The proverb “Home is where the heart is” conjures up warm feelings of good times with family, as our close relationships provide us with the encouragement and comfort needed to live fulfilled, happy lives. Life can be challenging with its financial, emotional and social stresses, and the people who surround and support us at home help us to feel relaxed and comfortable. However, for some, the home is not a sanctuary of love and acceptance; instead, it can be a stressful place where conflict is played out in heated arguments, hurtful words and manipulation. The verbal abuser leaves no physical scars, but his or her behavior can be just as painful and damaging.
Partners in verbally abusive relationships are often codependent, and neither partner may be fully aware of the depth of the verbal abuse. Many times, codependent partners grow up in dysfunctional families and are repeating the behavior patterns that they have learned from inappropriate role models. It’s also a fact that not all verbal abusers are physical abusers, but almost all physical abusers are also verbal abusers. The verbal abuser destroys his or her relationships with the need to control and victimize; and the victim is often not aware that the verbal abuser’s behavior is damaging until emotional wounds run deep. A partner who is verbally abusive does not necessarily act in an inappropriate way in the world and may only be verbally abusive to one individual in the home so it’s important that the abuser recognize the signs of verbal abuse.
Let’s imagine a scenario. Sarah and Tom have been married for 13 years. Sarah cares for three kids under twelve, drives them to and from school and extracurricular activities, helps the kids with homework, cooks three meals a day, manages the finances, keeps the home looking beautiful, and the list goes on and on. Tom returns home from work each evening to barrage Sarah with questions like, “What did you do all day?” “Why are you spending so much money on groceries?” “Why professionally color your hair when you’re only heading off to soccer or ballet practice?” Tom’s angry evening rants are taking a toll on Sarah and she’s feeling pretty low. And, although he doesn’t tell her how stupid she is, Tom certainly implies it. His behavior is not reserved for the weeknights either; he’s now poking fun at her for her “sudden” interest in taking the children to church and before heading out the door to Sunday mass, he hollers to her, “Pray to God that he pays your Nieman Marcus bill this month!”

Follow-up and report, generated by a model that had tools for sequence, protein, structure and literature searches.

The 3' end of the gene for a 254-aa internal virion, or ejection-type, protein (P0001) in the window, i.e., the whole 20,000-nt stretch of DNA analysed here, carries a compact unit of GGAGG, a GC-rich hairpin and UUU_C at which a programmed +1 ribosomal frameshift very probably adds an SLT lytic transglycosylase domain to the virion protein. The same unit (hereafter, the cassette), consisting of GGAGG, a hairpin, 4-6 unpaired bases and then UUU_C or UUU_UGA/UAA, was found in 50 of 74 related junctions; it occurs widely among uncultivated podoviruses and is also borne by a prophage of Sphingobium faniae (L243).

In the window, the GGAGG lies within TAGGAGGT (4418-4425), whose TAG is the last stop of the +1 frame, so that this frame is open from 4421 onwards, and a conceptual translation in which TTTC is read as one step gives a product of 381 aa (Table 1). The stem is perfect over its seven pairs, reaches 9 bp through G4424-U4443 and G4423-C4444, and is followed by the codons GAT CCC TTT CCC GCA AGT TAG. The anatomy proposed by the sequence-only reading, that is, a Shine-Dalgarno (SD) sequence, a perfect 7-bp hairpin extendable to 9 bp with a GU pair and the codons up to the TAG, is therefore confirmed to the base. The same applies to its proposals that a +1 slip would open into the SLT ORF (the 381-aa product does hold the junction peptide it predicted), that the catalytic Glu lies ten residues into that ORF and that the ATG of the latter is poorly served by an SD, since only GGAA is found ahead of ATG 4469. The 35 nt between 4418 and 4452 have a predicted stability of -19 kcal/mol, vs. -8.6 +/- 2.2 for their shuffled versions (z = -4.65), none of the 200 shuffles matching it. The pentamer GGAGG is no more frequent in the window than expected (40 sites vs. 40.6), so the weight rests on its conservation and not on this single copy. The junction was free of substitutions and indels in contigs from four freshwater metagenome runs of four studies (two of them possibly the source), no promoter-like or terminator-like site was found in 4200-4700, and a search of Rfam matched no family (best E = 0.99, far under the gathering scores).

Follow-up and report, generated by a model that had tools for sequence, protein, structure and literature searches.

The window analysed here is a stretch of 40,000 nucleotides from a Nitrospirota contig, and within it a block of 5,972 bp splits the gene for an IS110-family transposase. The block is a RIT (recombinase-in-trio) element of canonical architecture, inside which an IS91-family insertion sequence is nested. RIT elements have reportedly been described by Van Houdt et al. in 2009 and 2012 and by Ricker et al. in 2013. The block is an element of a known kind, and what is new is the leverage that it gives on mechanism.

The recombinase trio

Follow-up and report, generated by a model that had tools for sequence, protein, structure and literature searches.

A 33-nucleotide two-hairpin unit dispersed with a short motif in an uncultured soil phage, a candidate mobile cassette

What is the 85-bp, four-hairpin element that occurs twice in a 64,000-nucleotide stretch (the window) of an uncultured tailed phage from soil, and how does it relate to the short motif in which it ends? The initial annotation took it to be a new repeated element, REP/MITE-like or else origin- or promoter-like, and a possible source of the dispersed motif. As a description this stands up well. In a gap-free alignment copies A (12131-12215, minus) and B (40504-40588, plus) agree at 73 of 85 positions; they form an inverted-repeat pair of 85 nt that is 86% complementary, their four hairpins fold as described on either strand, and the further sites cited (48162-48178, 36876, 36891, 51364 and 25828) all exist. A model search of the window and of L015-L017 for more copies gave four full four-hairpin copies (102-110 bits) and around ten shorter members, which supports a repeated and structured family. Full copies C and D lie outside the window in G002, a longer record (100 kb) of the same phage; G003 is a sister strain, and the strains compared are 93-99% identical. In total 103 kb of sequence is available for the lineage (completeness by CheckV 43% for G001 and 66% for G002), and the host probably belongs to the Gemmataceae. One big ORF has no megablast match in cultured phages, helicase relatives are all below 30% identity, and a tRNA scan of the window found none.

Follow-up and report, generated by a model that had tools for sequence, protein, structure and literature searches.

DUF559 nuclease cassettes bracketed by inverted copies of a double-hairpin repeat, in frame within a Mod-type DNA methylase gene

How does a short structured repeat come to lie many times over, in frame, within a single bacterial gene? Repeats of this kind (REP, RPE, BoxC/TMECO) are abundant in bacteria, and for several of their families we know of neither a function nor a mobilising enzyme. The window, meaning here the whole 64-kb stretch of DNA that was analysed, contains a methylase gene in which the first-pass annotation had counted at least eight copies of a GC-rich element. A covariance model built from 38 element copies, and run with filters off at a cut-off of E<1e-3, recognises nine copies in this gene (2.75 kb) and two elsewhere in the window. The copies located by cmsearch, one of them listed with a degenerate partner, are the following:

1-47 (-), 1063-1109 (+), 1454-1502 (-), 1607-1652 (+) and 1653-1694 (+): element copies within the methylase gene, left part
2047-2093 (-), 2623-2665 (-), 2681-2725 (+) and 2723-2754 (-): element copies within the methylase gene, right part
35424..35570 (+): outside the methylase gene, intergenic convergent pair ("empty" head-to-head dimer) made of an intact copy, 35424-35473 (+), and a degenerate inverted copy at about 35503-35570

When Sarah gets upset by Tom’s words and lets him know, he avoids her altogether and leaves the room to zonk out in front of the television. When they first decided to start a family, the couple mutually agreed that Sarah would stay home to care for the children and Tom would take on more responsibility at work. Although they made this decision as a couple, Sarah feels alone, unappreciated and belittled as Tom verbally abuses her daily with his angry comments and sarcasm. Sarah has accepted the state of affairs for so long that she was stunned when her daughter asked her, “Mommy, why do you let Dad talk to you like that?”
Now, although this is an imaginary scenario, households across the county are experiencing this very real relationship, and the verbal abuser, male or female, is dominating the home with his or her unhealthy and hurtful behavior.